Department of Anaesthesiology and Critical Care, University Hospital of Caen, 14000 Caen, France; University of Caen Basse-Normandie, 14000 Caen, France.

Pregnancies complicated by congenital or acquired heart diseases are at high risk of maternal, obstetrical and neonatal poor outcomes. During the period 2000-2014, 197 pregnancies occurring in 147 women with heart disease were managed in our institution. A maternal cardiac event complicated 13 pregnancies. Obstetrical and neonatal complications occurred respectively in 35.0% (95% CI [28.3-41.7]) and 37.0% (95% CI [30.3-43.7]) of pregnancies. All complications were more frequent amongst cardiomyopathies or obstructive and conotruncal lesions, whereas left-to-right shunts were less prone to present with complications. Complications occurred between the end of the second trimester and the middle of the third trimester or during the post-partum period. Caesarean section was the mode of delivery in 37% (95% CI [30.3-43.7]) of cases, and general anaesthesia was performed in 8.6% of cases (95% CI [4.7-12.5]). Although reporting relatively mild heart diseases, this retrospective study shows an evolution in the management of pregnancies complicated by cardiopathies. Vaginal delivery under locoregional anaesthesia can be achieved in many pregnancies, whereas others require strict multi-disciplinary follow-up in a specialized centre. The creation of a large, multi-centric registry might help improve and personalize the management of these high-risk pregnancies.
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http://dx.doi.org/10.1016/j.accpm.2017.01.005DOI Listing
February 2018

Impact of Latency Duration on the Prognosis of Preterm Infants after Preterm Premature Rupture of Membranes at 24 to 32 Weeks' Gestation: A National Population-Based Cohort Study.

J Pediatr 2017 03 9;182:47-52.e2. Epub 2017 Jan 9.

Inserm Unité Mixte de Recherche (UMR) 1153, Obstetrical, Perinatal and Pediatric Epidemiology Research Team (Epopé), Center for Epidemiology and Statistics Sorbonne Paris Cité, Département Hospitalo-Universitaire Risks in Pregnancy, Paris Descartes University, Paris, France; Sorbonne Universités, University Pierre and Marie Curie, Paris 06, Institut de Formation Doctorale, Paris, France; Department of Obstetrics and Gynecology, Trousseau Hospital, AP-HP, Paris, France.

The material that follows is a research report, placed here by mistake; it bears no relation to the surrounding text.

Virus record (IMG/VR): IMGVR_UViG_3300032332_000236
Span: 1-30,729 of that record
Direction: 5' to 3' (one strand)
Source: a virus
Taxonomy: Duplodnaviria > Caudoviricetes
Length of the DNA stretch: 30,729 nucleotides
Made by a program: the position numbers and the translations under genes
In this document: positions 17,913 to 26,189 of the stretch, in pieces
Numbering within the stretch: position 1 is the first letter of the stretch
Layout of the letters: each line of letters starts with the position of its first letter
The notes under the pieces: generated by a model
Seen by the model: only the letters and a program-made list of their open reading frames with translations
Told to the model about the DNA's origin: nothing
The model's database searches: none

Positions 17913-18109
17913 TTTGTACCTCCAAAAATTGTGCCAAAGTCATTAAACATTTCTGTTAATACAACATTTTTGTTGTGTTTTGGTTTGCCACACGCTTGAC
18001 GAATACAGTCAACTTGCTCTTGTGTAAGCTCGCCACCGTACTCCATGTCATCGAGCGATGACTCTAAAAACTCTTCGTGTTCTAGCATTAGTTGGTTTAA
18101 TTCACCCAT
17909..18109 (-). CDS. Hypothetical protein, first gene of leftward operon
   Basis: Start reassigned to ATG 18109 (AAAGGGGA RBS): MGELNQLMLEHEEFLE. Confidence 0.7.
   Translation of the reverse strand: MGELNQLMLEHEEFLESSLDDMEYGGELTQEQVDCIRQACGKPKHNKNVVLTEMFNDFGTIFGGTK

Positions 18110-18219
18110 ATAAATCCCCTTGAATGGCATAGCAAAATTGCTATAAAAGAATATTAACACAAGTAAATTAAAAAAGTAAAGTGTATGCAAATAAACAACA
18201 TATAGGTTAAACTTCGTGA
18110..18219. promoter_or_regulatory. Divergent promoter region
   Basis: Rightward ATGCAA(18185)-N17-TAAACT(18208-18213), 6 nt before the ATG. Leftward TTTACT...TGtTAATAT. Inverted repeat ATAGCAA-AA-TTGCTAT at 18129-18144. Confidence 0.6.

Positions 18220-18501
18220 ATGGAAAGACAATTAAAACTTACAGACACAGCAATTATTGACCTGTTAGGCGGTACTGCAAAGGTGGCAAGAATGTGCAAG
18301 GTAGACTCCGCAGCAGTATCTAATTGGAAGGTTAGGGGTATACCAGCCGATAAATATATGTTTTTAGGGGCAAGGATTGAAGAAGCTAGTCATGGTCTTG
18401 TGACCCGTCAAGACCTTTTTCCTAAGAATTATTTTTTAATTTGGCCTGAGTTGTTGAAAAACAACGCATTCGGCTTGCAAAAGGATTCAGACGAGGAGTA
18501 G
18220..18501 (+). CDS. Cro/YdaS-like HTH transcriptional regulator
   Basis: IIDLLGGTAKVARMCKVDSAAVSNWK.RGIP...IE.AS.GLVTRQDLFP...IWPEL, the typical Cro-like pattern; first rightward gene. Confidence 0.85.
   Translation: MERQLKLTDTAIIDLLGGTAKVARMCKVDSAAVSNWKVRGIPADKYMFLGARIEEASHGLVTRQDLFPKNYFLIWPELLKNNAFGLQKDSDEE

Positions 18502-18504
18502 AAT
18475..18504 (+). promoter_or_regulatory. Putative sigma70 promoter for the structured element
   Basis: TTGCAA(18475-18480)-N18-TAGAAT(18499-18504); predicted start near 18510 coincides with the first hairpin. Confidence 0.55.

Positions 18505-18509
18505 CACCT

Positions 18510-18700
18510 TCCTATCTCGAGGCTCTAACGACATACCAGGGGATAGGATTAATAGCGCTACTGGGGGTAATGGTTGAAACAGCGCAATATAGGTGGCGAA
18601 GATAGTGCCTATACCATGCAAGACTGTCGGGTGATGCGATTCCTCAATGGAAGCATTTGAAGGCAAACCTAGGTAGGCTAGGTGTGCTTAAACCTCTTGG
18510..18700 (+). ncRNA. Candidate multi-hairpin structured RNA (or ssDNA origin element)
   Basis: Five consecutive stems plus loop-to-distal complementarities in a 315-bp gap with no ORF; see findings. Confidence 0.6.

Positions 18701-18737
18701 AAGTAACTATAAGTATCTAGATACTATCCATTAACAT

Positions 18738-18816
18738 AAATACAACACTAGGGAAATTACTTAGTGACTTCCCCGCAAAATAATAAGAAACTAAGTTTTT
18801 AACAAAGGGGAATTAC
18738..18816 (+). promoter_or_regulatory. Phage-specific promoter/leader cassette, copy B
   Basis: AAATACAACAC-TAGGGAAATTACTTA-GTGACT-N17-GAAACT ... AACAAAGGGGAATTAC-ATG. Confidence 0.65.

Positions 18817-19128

Objective: To assess the impact of latency duration on survival, survival without severe morbidity, and early-onset sepsis in infants born after preterm premature rupture of membranes (PPROM) at 24-32 weeks' gestation.

Study Design: This study was based on the prospective national population-based Etude Épidémiologique sur les Petits Ȃges Gestationnels 2 cohort of preterm births and included 702 singletons delivered in France after PPROM at 24-32 weeks' gestation. Latency duration was defined as the time from spontaneous rupture of membranes to delivery, divided into 4 periods (12 hours to 2 days [reference], 3-7 days, 8-14 days, and >14 days). Multivariable logistic regression was used to assess the relationship between latency duration and survival, survival without severe morbidity at discharge, or early-onset sepsis.

Results: Latency duration ranged from 12 hours to 2 days (18%), 3-7 days (38%), 8-14 days (24%), and >14 days (20%). Rates of survival, survival without severe morbidity, and early-onset sepsis were 93.5% (95% CI 91.8-94.8), 85.4% (82.4-87.9), and 3.4% (2.0-5.7), respectively. A crude association found between prolonged latency duration and improved survival disappeared on adjusting for gestational age at birth (aOR 1.0 [reference], 1.6 [95% CI 0.8-3.2], 1.2 [0.5-2.9], and 1.0 [0.3-3.2] for latency durations from 12 hours to 2 days, 3-7 days, 8-14 days, and >14 days, respectively). Prolonged latency duration was not associated with survival without severe morbidity or early-onset sepsis.